by: HASSAAN F KHAN
Having seen a non-market economy, I suddenly understood much better what I liked about a market economy– Esther Dyson
The debate between the free market and the “planned” (aka command and control) approach to governance is an old one. Recently, with the emergence of ‘water markets’, it has become relevant in the context of water resources management.
In my current research, I am assessing the relative performances of these two approaches for groundwater management, in terms of the tradeoff between economic benefit and environmental degradation. For our purposes, we define water markets as a system of formal rules and regulations that govern the buying, selling and leasing of water use rights, traded independent of land titles.
Previous research1 has shown that optimal water markets (i.e. incentives-based policy) outperforms the command and control approach to groundwater management with regards to both economic and environmental outcomes. An optimal water market assumes perfect knowledge of hydrology, and optimizes the water use on a system-wide level to achieve maximum economic benefits.
In reality, however, perfection is hard to achieve. In my research, I’m interested to know how realistic water markets perform compared to uniform water quotas. We want to see whether the advantages of a water market over water quotas hold when there is no central planner with perfect foresight of the future and each farmer acts in his or her own interest.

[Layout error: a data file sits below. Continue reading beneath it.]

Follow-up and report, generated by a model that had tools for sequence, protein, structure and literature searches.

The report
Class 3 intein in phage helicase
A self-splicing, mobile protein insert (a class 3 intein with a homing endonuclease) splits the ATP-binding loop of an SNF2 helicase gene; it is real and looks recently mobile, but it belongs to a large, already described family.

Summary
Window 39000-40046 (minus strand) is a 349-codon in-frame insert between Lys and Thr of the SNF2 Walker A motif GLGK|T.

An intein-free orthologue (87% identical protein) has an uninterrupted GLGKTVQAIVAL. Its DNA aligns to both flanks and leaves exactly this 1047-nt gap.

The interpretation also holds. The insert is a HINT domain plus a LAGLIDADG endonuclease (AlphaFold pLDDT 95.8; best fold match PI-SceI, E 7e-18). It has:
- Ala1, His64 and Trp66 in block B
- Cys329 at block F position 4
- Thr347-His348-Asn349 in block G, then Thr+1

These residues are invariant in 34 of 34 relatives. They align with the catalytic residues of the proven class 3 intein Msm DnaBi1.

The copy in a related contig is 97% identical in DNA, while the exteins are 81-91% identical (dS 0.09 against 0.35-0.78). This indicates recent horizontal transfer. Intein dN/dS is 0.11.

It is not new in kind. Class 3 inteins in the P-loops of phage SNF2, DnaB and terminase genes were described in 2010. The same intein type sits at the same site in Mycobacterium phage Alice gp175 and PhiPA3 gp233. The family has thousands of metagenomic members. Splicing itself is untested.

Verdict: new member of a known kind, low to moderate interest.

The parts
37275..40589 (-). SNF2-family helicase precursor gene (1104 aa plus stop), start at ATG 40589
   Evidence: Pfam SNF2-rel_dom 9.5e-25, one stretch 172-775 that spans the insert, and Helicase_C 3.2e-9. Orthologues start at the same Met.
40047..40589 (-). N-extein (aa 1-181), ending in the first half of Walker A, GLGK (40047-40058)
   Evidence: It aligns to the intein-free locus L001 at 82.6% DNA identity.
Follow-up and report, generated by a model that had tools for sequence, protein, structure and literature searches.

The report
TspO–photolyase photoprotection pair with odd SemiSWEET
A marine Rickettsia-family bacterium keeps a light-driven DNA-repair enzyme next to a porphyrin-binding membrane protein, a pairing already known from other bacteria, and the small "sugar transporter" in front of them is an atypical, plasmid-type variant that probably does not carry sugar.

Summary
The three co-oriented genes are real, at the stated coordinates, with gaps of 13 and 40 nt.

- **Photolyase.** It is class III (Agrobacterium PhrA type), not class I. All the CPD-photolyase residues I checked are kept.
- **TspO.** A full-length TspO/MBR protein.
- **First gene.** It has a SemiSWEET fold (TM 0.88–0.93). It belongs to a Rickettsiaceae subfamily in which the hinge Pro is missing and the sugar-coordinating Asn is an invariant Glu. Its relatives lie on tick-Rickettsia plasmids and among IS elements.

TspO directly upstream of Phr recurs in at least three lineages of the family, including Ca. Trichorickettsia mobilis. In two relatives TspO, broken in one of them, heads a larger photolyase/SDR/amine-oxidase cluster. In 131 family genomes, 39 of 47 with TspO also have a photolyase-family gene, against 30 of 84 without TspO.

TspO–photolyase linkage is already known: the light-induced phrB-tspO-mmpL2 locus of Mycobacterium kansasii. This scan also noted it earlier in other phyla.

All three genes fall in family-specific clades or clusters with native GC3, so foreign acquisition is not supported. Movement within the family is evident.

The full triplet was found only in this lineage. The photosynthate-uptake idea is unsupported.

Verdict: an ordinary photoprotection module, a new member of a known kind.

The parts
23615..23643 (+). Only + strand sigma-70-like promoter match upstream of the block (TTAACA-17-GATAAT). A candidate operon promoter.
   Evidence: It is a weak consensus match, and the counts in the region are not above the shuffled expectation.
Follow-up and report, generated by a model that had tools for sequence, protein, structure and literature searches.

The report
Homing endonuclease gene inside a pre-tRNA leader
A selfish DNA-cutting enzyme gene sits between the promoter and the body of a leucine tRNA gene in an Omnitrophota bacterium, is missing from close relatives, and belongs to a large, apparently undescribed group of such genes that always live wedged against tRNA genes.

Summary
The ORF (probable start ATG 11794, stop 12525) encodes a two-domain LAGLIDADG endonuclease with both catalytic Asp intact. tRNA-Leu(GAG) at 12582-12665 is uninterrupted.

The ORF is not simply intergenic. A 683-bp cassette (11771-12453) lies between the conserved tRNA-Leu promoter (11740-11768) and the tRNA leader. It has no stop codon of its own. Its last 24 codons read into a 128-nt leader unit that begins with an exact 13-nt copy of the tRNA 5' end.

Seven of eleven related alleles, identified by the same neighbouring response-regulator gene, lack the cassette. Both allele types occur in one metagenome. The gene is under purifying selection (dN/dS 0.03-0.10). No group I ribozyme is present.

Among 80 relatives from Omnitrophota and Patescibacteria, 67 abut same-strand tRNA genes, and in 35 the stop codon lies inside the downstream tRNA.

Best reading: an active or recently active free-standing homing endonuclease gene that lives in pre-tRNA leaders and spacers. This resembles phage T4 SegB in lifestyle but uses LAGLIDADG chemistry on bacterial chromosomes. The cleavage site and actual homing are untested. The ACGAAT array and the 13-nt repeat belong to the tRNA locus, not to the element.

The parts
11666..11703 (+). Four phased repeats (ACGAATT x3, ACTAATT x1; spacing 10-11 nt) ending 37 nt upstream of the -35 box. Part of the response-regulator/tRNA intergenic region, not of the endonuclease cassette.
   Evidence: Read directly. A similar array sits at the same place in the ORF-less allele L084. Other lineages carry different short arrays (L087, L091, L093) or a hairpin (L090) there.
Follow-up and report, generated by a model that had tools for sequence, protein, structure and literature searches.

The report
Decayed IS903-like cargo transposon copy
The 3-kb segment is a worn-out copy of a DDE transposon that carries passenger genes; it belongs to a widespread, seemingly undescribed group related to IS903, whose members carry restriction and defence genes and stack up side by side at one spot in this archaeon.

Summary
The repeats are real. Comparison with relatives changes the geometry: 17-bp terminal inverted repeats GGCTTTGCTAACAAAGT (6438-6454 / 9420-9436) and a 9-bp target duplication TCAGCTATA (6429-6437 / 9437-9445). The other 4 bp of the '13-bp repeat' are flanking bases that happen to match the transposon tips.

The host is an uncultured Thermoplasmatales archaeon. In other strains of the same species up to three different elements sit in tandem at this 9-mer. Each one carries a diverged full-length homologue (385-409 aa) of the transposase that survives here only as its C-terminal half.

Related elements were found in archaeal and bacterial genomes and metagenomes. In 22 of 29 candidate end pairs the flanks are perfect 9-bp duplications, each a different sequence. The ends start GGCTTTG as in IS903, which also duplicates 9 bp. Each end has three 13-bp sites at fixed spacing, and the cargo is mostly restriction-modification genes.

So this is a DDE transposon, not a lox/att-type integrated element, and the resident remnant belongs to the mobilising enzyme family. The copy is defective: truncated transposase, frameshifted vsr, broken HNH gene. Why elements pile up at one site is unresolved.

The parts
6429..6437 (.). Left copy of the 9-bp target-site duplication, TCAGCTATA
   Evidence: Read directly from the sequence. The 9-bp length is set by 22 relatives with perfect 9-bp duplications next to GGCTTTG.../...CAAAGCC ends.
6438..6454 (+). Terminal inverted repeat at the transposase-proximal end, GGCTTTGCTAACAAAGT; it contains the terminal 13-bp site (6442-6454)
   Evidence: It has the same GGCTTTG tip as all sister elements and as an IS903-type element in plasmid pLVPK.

Here is a quick overview of our modeling framework. In the farmer decision model, each “agent” represents a farmer/group of farmers, with varying levels of water productivity and land size. We have 50 agents in total who buy and sell groundwater permits with each other. The farmers can grow either crop or soy. At the start of the growing season, each of these agents makes a decision based on the land and water constraints on how much water to pump. The farmer decision model is connected to the physically based groundwater model that evaluates the impact of human actions on the natural system. We use a calibrated MODFLOW model developed by the Republican River Compact Authority, which operates on a monthly time step. It incorporates streamflow, precipitation and evaporation recharge and provides head of groundwater in response to groundwater pumping.
We use the Frenchman Creek Basin, a sub-watershed of Republican River spanning the states of Colorado and Nebraska, as a case study. This area is part of the Ogallala aquifer and has seen a tremendous increase in groundwater pumping in recent years. This has led to a dramatic water decline leading to states implementing regulations on groundwater withdrawals, including implementing groundwater quotas (a command and control approach). We want to know whether there is a better approach to ensure sustainable groundwater use.
In the next post, I’ll share some results from our analysis of the performance of groundwater markets. Stay tuned!
- Mulligan et al (2014), Assessing groundwater policy with coupled economic-groundwater hydrologic modeling, Water Resour. Res., 50(3)
Hassaan F. Khan is a PhD Candidate in the Hydrosystems Research Group. You can find him on Twitter @hasfkhan.